Subject Matter of Patents and Trademarks
There may be some overlap between patents and trademarks at the edges where design patents cover ornamental features and trademarks cover product configurations. However, for the most part, if your product is special because it performs a new function or has a different structure, it probably falls under the scope of patents. Conversely, if your product is special because of the aesthetic appearance, name, or logo, you should investigate trademarks or service marks.
Scope of Protection of Patents and Trademarks
If you successfully obtain a patent, you can prevent others from making, using, selling, offering for sale, or importing the patented invention. This effectively cuts off competitors from making a product that includes the features that are the subject of your patent.
If you successfully register a trademark, competitors can be stopped from using any mark that is likely to cause confusion with your registered trademark. This allows the registrant to force competitors to stop using any mark that looks, sounds, or has a similar meaning to the registered trademark.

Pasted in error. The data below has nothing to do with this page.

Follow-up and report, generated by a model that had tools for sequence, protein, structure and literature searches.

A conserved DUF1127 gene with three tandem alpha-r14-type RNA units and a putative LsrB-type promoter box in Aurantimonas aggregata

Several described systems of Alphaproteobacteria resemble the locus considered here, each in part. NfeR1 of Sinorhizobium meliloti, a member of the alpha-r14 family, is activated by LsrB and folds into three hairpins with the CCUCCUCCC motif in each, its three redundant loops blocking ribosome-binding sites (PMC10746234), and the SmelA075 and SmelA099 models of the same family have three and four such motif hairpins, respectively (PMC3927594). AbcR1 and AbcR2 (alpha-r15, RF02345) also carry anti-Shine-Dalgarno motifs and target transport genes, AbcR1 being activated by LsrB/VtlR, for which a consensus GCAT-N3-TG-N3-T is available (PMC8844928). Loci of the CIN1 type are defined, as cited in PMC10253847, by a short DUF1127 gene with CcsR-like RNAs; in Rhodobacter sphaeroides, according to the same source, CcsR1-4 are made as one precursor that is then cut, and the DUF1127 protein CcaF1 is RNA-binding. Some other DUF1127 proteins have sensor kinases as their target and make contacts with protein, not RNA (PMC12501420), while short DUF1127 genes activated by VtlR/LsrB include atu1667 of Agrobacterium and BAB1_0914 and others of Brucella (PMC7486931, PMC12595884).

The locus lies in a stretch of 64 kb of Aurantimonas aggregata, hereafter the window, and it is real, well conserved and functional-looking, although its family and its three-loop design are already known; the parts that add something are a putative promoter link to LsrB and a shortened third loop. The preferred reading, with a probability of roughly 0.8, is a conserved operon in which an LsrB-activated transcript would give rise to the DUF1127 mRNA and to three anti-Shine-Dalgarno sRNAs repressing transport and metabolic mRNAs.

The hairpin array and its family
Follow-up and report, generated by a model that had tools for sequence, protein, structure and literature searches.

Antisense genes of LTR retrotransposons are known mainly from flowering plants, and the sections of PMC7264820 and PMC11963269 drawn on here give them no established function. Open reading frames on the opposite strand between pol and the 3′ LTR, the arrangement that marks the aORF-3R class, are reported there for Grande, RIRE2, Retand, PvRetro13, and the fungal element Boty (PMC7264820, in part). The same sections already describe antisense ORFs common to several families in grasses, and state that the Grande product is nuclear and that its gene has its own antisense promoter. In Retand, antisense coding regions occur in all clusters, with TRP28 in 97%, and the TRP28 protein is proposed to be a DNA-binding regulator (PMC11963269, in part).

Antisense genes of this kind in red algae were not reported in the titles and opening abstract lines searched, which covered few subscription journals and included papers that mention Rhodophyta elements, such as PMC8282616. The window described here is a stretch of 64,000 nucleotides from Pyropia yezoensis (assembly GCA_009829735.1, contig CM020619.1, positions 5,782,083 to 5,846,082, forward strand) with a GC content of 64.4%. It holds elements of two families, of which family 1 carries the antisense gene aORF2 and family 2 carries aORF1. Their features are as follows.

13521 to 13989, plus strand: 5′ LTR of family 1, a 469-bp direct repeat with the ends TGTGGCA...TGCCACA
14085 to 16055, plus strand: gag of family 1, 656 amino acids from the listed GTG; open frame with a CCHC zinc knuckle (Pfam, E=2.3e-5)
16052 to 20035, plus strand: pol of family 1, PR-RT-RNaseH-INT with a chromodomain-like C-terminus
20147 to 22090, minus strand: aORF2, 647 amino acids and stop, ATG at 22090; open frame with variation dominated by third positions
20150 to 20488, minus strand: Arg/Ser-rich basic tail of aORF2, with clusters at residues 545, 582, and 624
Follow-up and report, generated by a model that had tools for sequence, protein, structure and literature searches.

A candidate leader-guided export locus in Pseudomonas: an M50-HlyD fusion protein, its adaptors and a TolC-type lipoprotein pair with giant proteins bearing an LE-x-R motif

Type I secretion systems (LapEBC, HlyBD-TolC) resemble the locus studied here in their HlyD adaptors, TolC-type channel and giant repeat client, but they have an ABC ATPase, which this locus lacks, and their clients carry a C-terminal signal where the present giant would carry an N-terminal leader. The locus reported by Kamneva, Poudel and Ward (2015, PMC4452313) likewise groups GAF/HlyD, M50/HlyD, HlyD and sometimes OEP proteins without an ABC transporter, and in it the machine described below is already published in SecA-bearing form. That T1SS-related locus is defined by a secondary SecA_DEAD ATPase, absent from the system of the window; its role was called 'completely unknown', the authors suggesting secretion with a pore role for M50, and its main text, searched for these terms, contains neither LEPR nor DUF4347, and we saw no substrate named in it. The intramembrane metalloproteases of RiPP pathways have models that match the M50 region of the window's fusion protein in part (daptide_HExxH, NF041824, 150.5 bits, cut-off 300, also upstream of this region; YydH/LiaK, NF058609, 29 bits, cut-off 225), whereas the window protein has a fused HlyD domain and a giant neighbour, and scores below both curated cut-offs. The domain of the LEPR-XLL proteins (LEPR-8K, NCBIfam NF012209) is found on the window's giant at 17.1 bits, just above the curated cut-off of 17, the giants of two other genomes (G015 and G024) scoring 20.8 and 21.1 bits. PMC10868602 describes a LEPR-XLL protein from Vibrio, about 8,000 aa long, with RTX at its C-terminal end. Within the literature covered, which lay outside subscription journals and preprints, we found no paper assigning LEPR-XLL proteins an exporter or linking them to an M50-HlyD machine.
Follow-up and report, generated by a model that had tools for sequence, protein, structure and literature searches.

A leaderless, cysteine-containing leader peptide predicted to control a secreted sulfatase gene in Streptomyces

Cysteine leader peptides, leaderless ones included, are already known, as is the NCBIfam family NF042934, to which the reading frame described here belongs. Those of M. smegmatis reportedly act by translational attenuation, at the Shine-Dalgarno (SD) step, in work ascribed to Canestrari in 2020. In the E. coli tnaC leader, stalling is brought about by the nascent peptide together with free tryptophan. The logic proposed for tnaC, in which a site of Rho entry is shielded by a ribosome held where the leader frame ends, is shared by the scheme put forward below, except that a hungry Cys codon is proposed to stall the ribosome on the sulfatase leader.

Benefits of Combining Patents and Trademarks
Businesses are not required to choose between patents and trademarks. In fact, many businesses take advantage of the differing purposes of patents and trademarks to obtain both, thereby keeping competitors away from both the patented product and its marketing.
For example, if a business obtains a patent, but not a trademark, competitors would be able to market inferior products in a way that might deceive customers into believing that it was the patented product.
Similarly, if a business obtains a trademark, but not a patent, competitors might copy the product and simply market it under a different name and logo.
By obtaining both a patent and a trademark, a business can prevent competitors from copying either the patented product or the identifiers used to distinguish the patented product in the marketplace.